Advantages of Advanced Server Access gateways
You can use Advanced Server Access gateways both as standalone replacements for SSH bastion servers and in conjunction with standard SSH bastions. Advanced Server Access gateways are also used for SSH session capture. See Gateways and bastions for more information on possible combinations and Session capture for more information on SSH session capture.
Some of the advantages that Advanced Server Access gateways offer over traditional SSH bastions are high availability and improved security.
Gateways offer several mechanisms to guarantee high availability, which enables a gateway to provide the functionality of a bastion host without the drawback of a single point of failure. In addition to standard load balancing, gateways come out of the box with several other mechanisms for ensuring that access to your servers is always on, including built-in status checks and some automatic load balancing when multiple gateways are enrolled with the same labels. See High availability for gateways.
Advanced Server Access gateways are more secure than SSH bastions through their design which includes:
Standard SSH connections use some type of secret credentials (such as passwords, keys, or certificates) to connect to servers. While these credentials may be only valid for a short period of time, if a client or edge device is compromised, this can provide an attacker with the opportunity to directly access a target server.
When using Advanced Server Access gateways for your SSH connections, the client never receives any credentials that it can use on its own to directly SSH to a server. Instead, the client receives an encrypted payload that's forwarded to the gateway, which only the gateway can decrypt. The advantages of this approach include:
- A compromised client device never gives an attacker access to any credentials that can be used to directly SSH to the target server.
- Since access must pass through a gateway, it's easier to monitor access attempts using an intrusion detection system (IDS) or other monitoring tools.
Maintaining proper access control can be challenging even when using SSH bastions. In addition to having a record of user access permissions, a record of which bastions can access which servers must also be maintained. The complexity increases when different bastions have different security requirements based on the servers they can access.
Advanced Server Access gateways reduce this complexity using labels. Labels determine which gateways are used to route connections to servers on a project. You can use labels to slice gateways by cloud region, compliance certification, operating system, or any key-value pair that you choose. Provided the labels and label selectors you use on a project are accurate, you can be certain that the gateway used to access a target server will meet your requirements.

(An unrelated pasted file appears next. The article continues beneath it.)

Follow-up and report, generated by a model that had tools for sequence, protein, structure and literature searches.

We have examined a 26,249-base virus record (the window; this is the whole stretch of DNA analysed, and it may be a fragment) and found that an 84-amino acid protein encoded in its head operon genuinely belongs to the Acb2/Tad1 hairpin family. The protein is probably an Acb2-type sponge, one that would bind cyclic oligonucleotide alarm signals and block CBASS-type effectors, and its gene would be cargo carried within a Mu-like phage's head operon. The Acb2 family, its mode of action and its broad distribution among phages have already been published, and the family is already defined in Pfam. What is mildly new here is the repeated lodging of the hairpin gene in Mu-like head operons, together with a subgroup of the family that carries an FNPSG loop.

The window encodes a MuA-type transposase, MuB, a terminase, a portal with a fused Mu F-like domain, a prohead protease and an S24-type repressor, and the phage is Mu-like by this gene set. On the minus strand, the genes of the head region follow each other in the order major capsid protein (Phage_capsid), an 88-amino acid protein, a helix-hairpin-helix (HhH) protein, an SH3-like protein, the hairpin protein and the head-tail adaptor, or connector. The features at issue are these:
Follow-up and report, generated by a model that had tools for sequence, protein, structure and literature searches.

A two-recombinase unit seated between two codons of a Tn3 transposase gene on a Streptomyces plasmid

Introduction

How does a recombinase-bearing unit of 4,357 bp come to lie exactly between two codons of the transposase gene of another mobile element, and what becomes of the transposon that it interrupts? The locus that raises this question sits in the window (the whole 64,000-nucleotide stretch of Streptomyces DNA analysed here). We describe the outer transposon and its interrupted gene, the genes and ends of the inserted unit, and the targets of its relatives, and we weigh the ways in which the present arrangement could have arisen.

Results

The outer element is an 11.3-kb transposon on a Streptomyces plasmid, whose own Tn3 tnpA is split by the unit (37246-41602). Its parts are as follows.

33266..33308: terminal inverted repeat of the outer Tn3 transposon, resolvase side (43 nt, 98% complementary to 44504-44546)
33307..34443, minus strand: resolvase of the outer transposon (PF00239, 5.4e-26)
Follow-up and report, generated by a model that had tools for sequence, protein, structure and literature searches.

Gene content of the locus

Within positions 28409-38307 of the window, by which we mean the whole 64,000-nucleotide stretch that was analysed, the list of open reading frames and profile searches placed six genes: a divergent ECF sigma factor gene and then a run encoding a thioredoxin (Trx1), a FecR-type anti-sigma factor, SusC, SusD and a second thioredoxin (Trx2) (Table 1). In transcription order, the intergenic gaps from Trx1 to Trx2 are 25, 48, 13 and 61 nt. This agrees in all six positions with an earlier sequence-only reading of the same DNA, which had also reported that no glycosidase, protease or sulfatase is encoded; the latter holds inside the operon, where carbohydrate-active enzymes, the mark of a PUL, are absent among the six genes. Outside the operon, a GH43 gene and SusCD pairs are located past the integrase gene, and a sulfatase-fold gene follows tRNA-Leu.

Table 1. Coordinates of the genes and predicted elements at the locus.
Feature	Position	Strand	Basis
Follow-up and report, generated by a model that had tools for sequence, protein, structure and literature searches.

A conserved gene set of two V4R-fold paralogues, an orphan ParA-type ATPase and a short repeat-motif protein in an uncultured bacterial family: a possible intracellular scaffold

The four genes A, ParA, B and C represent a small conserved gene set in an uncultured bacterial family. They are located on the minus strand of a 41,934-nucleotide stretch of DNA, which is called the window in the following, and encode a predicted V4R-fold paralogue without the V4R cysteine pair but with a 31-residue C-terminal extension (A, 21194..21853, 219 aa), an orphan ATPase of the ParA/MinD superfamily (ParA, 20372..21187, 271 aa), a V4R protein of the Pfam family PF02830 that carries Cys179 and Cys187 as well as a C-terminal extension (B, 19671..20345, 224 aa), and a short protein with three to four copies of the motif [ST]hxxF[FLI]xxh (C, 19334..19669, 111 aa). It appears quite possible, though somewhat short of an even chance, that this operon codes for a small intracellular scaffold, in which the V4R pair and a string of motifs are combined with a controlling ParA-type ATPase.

For example, consider a data locality requirement that dictates that data must never leave a particular country's borders. In a legacy bastion environment, you'd need to audit all the target servers and the bastion servers to ensure that the only possible ingress to the server goes through a bastion within the country. When you use gateways, you can label the gateways with their operating region (for example, their AWS region). Instead of needing to audit individual servers, you add the region as a gateway selector to the project whose servers require such an access restriction.
Gateways can be powerful tools that you can use to meet compliance requirements, especially when used in combination with Advanced Server Access groups to manage users.
While SSH is a fantastic protocol for securing access to servers, it was designed before the advent of federated identity providers. This resulted in its authorization scheme being centered around machine identity rather than human identity. SSH deals with users on servers, keys, and certificates, rather than organizations, company divisions, and human roles.
This leaves SSH bastions vulnerable to forms of side channel attacks. If a user with sufficient access can modify the configuration of a bastion or target server, they may be able to access target servers in a way that bypasses your identity provider. For example, imagine a scenario where a user with admin access to a server modifies its sshd configuration and installs their public key for unlogged access.
Gateways address this problem by being deeply entwined with Advanced Server Access, rather than being a generic protocol like SSH. To go through a gateway, users must have run the Advanced Server Access client and be authenticated by Okta. This guarantees that all access to your servers behind gateways is guarded by Okta.